Kristin was betrothed to a young, steady man named Simon but she asked to go to a cloister for a short time before they married. It was while she was away from home that she met the charismatic and impulsive Erlend and secretly began a relationship with him.

She began looking for evidence that other people, like herself, were not without sin. She paid more attention to gossip, and she took note of all the little things hints around her which indicated that not even the sisters in the convent were completely holy and unworldly.

She deceived her father, persuaded him to break off her betrothal to Simon and he reluctantly agreed to her marrying Erlend. The deception she played upon her father was to haunt her ever afterwards and much of her anguish over her own children was to stem from this act.

The monotonous drone of the waterfalls resonated through her overwrought body and soul. It kept reminding her of something, of a time that was an eternity ago; even back then she realised that she would not have the strength to bear the fate she had chosen for herself. She had laid bare her protected, gentle girl’s life to a ravaging, fleshly love; she had lived in anguish, anguish, anguish ever since - an unfree woman from the first moment she became a mother. She had given herself up to the world in her youth, and the more she squirmed and struggled against the bonds of the world, the more fiercely she felt herself imprisoned and fettered by them. She struggled to protect her sons with wings that were bound by the constraints of earthly care...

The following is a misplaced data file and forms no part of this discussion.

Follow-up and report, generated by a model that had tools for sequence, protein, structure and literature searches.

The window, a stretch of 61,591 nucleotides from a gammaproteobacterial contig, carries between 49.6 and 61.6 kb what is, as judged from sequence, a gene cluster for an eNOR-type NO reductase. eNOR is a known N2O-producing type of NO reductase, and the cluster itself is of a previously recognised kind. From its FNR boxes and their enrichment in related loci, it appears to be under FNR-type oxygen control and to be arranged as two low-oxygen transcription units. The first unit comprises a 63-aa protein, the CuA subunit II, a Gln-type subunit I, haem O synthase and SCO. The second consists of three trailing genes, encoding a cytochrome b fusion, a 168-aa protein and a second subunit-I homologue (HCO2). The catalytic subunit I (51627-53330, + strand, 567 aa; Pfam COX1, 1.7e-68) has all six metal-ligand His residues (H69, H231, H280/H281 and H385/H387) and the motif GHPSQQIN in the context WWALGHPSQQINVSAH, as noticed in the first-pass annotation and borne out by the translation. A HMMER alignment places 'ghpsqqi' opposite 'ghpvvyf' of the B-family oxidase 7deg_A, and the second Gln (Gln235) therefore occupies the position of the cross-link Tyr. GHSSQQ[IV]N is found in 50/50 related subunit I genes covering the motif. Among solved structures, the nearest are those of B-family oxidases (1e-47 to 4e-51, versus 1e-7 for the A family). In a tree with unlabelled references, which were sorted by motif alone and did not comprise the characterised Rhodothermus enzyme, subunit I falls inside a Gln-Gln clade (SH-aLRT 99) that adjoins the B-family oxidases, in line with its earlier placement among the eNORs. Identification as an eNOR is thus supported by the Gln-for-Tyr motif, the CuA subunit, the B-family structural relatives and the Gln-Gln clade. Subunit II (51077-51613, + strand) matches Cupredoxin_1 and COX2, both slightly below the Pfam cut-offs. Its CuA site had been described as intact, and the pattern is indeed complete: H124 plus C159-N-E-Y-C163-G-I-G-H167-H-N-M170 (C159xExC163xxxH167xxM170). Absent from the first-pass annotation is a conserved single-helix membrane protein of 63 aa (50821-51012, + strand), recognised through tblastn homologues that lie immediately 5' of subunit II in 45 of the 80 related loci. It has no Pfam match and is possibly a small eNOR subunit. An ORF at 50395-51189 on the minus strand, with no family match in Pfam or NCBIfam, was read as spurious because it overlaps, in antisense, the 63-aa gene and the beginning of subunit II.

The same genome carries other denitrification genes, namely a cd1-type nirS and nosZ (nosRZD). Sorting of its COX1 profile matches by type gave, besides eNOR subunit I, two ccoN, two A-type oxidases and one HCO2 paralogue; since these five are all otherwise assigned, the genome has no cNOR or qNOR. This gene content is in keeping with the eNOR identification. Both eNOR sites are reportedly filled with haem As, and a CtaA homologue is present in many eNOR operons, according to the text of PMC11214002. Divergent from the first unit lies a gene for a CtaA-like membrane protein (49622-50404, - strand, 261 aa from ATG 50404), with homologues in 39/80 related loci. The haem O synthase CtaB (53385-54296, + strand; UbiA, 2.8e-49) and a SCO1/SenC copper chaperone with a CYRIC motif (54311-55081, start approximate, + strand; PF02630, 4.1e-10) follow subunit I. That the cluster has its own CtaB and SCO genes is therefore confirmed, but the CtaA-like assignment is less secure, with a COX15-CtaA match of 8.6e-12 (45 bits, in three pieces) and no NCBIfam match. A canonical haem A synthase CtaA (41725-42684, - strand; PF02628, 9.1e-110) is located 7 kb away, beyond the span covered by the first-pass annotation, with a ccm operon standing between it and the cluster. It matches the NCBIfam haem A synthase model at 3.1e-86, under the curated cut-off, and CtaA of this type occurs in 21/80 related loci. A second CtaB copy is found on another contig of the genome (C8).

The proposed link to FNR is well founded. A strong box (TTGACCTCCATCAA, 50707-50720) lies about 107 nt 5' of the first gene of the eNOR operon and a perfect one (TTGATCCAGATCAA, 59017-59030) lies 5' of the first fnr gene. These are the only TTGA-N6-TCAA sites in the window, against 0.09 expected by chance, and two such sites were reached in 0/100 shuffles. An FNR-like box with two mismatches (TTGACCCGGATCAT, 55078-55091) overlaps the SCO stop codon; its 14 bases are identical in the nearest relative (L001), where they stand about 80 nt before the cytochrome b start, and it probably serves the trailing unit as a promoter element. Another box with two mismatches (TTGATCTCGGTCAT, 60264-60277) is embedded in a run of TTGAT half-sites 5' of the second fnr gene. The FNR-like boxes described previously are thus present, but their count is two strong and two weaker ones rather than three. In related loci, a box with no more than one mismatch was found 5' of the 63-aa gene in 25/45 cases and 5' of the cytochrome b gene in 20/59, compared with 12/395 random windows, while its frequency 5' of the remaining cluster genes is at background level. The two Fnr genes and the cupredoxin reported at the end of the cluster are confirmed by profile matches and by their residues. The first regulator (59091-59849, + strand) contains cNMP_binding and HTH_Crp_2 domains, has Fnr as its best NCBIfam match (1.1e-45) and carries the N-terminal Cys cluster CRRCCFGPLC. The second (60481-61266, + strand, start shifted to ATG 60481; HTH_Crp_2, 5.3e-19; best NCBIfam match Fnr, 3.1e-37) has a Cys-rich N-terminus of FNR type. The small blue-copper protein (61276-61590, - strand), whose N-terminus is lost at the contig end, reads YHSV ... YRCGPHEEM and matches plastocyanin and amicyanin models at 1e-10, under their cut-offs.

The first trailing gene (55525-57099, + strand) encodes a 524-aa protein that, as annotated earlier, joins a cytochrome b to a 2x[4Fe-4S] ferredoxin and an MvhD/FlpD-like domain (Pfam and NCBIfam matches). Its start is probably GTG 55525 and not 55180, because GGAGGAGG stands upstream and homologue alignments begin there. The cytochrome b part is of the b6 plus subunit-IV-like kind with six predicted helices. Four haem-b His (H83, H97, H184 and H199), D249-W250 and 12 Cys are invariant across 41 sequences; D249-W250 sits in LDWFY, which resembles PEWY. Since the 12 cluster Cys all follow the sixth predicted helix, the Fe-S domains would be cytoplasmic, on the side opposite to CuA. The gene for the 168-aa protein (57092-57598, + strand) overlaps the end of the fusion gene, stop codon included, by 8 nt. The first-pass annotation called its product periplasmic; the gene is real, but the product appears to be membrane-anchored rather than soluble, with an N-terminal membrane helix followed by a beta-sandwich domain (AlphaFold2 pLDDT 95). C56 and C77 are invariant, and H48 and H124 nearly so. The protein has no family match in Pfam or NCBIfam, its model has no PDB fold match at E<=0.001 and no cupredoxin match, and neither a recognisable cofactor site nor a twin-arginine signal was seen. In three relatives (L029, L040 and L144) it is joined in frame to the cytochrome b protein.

But always with that secret, breathless anguish: If things go badly for them, I won’t be able to bear it. And deep in her heart she wailed at the memory of her father and mother. They had borne anguish and sorrow over their children, day after day, until their deaths; they had been able to carry this burden, and it was not because they loved their children any less but because they loved with a better kind of love.

There is much about motherhood in this book. Kristin struggles with hopes and fears in the midst of  her tumultuous relationship with her husband and his influence on their seven sons. Her upbringing was so different to Erlend's and she didn't value the stability and love she grew up with until she became a mother herself. She reflected much on the path she had chosen for herself by following her own desires and rejecting her parent's choices.

Was this how she would see her struggle end? Had she conceived in her womb a flock of restless fledgling hawks that simply lay in her nest, waiting impatiently for the hour when their wings were strong enough to carry them beyond the most distant blue peaks?
...They would take with them bloody threads from the roots of her heart when they flew off, and wouldn’t even know it.

Simon remains on the scene throughout and although he eventually marries twice, he always retains a place for Kristin in his heart. He proves himself a loyal friend and is a contrast in character to Erlend.
Another character who plays a major part in Kristin’s life is Ulf Haldorsson, Erlend’s kinsman. For a while he seemed to be a surly, unreliable sort of character but he turns out to be a true friend of both Kristin and Erlend and has a fatherly relationship with their boys. He loved Kristin but didn't allow his feelings to manifest. They only come to the surface when he confides in a priest many years later.